George Washington University graduates about 5,500 on the Mall

JONATHAN ERNST/REUTERS - Student presenter Giuseppe Verde, left, and provost Steven Lerman, right, place a hood on Mexican billionaire Carlos Slim as he receives an honorary degree during May 20 commencement ceremonies from George Washington University on the National Mall.

George Washington University’s graduation on the Mall was peaceful Sunday morning, with a modest protest against an honorary degree recipient that barely affected the event.

On a postcard-perfect day, not a cloud was in the sky or a protester heard as the ceremony began at 9:30 a.m. About 5,500 students received their degrees in front of an estimated 25,000 family members and friends while more than a hundred protesters seeking to discredit Mexican telecommunications billionaire Carlos Slim waged an orderly protest nearby.

Video

Aug. 2 (Bloomberg) -- Carlos Slim is putting his Mexican phone empire back together after splitting it up a decade ago. Slim's America Movil SAB, Latin America's largest wireless carrier, offered about $6.5 billion to buy the 40.4 percent of Telefonos de Mexico SAB it doesn't already own, giving it full control of its former parent. Adam Johnson reports in today's Movers and Shakers on Bloomberg Television's \

Aug. 2 (Bloomberg) -- Carlos Slim is putting his Mexican phone empire back together after splitting it up a decade ago. Slim's America Movil SAB, Latin America's largest wireless carrier, offered about $6.5 billion to buy the 40.4 percent of Telefonos de Mexico SAB it doesn't already own, giving it full control of its former parent. Adam Johnson reports in today's Movers and Shakers on Bloomberg Television's "InsideTrack." (Source: Bloomberg)

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Slim attended the graduation to receive an honorary degree along with “NBC Nightly News” anchor Brian Williams and internationally recognized artist Clarice Smith.

Williams, who went from being a firefighter in Middletown, N.J., to an award-winning journalist with 12 Emmys, sparked laughter as he spoke about his less-than-stellar academic career, which included community college, Catholic University and earning 18 credits at George Washington before dropping out.

“I like to say to people I was in a big hurry and I needed to go make a living, and I never looked back,” Williams said. “But the truth is, as the last college I attended, I look back every day . . . and it’s one of my great regrets. Don’t forget that by being here today that you have now achieved something I was not able to achieve.”

When Slim rose to accept his honor from university President Steven Knapp, a chorus of horns erupted from protesters, some of them perched on the grounds of the Washington Monument.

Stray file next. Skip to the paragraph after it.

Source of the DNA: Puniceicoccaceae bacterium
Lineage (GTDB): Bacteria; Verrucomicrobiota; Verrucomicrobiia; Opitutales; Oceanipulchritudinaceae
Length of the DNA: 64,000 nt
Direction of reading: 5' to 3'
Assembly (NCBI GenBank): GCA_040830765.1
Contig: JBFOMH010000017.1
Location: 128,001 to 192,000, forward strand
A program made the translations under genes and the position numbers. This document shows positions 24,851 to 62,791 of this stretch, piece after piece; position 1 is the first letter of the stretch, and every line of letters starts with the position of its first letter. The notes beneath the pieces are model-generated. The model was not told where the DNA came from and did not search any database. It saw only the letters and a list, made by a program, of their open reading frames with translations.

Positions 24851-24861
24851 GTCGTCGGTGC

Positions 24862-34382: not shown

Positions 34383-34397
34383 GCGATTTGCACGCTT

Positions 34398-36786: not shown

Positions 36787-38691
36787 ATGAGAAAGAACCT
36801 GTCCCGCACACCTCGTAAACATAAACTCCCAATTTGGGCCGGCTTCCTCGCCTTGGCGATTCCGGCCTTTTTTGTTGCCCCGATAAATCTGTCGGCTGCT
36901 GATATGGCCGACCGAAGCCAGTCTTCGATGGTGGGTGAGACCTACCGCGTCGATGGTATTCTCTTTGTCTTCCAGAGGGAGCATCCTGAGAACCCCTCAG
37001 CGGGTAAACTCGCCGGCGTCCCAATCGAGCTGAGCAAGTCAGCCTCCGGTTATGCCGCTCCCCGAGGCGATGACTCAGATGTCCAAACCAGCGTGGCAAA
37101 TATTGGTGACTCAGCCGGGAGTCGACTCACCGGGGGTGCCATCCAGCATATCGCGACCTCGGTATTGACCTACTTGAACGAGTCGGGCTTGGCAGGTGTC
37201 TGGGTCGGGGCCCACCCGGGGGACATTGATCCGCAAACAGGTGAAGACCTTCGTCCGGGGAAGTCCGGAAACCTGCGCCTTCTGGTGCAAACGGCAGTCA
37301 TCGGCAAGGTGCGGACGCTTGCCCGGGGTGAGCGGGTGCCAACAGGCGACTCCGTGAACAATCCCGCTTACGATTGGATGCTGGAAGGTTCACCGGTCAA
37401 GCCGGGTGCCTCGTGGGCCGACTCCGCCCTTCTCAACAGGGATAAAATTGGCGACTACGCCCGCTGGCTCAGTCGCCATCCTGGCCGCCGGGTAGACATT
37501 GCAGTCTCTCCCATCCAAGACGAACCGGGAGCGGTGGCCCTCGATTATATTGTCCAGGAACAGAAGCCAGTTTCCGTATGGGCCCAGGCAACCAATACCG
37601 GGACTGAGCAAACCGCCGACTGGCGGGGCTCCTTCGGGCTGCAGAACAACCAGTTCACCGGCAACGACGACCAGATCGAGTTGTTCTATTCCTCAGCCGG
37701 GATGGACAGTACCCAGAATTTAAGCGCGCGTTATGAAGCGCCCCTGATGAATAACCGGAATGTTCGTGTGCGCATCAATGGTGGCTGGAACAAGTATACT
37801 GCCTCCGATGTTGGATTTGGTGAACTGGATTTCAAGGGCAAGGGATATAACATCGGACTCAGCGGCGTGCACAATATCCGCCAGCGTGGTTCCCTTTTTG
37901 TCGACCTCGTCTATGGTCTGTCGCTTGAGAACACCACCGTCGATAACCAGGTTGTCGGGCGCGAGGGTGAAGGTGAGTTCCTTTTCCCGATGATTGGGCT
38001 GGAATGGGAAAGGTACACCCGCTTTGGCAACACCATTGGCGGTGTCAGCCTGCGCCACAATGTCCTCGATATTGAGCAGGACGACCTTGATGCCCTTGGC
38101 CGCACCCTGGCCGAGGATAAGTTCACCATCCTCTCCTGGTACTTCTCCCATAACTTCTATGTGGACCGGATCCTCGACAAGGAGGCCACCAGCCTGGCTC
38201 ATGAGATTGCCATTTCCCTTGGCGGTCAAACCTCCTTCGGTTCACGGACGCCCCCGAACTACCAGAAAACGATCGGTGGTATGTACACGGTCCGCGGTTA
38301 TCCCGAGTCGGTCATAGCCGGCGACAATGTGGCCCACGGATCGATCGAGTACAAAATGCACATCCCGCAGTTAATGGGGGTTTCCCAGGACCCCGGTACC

Despite the noisy gesture and a week of protest around the speech , Slim engaged the crowd with a soft-toned speech that sounded more like a homily.

“When you give, do not expect to receive,” Slim said. “God forgives our sins, but our nervous system doesn’t. . . . Many times you will make a mistake. It is human to make a mistake, but just try to make small ones.”

GWU officials said they chose to honor Slim for his community development efforts in Latin America and his extensive philanthropy. But critics call Slim a monopolist who crossed ethical lines in making his fortune and has not done enough to help developing countries.

On the Mall, 17-year-old Brayan Juarez held up a sign that read, “The Richest Man at the Sacrifice of the Poor.” His father, Ricardo Juarez, a native of Mexico now living in Woodbridge, said he came to denounce Slim.

“We are demanding that George Washington not give Carlos Slim an award,” Ricardo Juarez said. “As far as we know, he made money on others.”

From being held up by presidential motorcades to being locked in by snowstorms, Noreen Kassam, the student speaker during the graduation program, said students have experienced so much during their time at George Washington, and now it’s time for them to give back.

“Let us begin by impacting the lives of those who come after us,” Kassam said. “Take what you have learned to change the world. . . . I hope you do well, but more importantly I hope you do good.”

As she walked out with her classmates, Natasha Dupee, a resident of Southeast Washington, started to cry. Dupee, who is moving to St. Louis to be part of Teach for America, said her graduation is about more than just her accomplishments.

“This is my mom’s day, this is my grandmom’s day, this is for my family — I did it,” Dupee said. “Education is really important, and I have something to prove it.”

 
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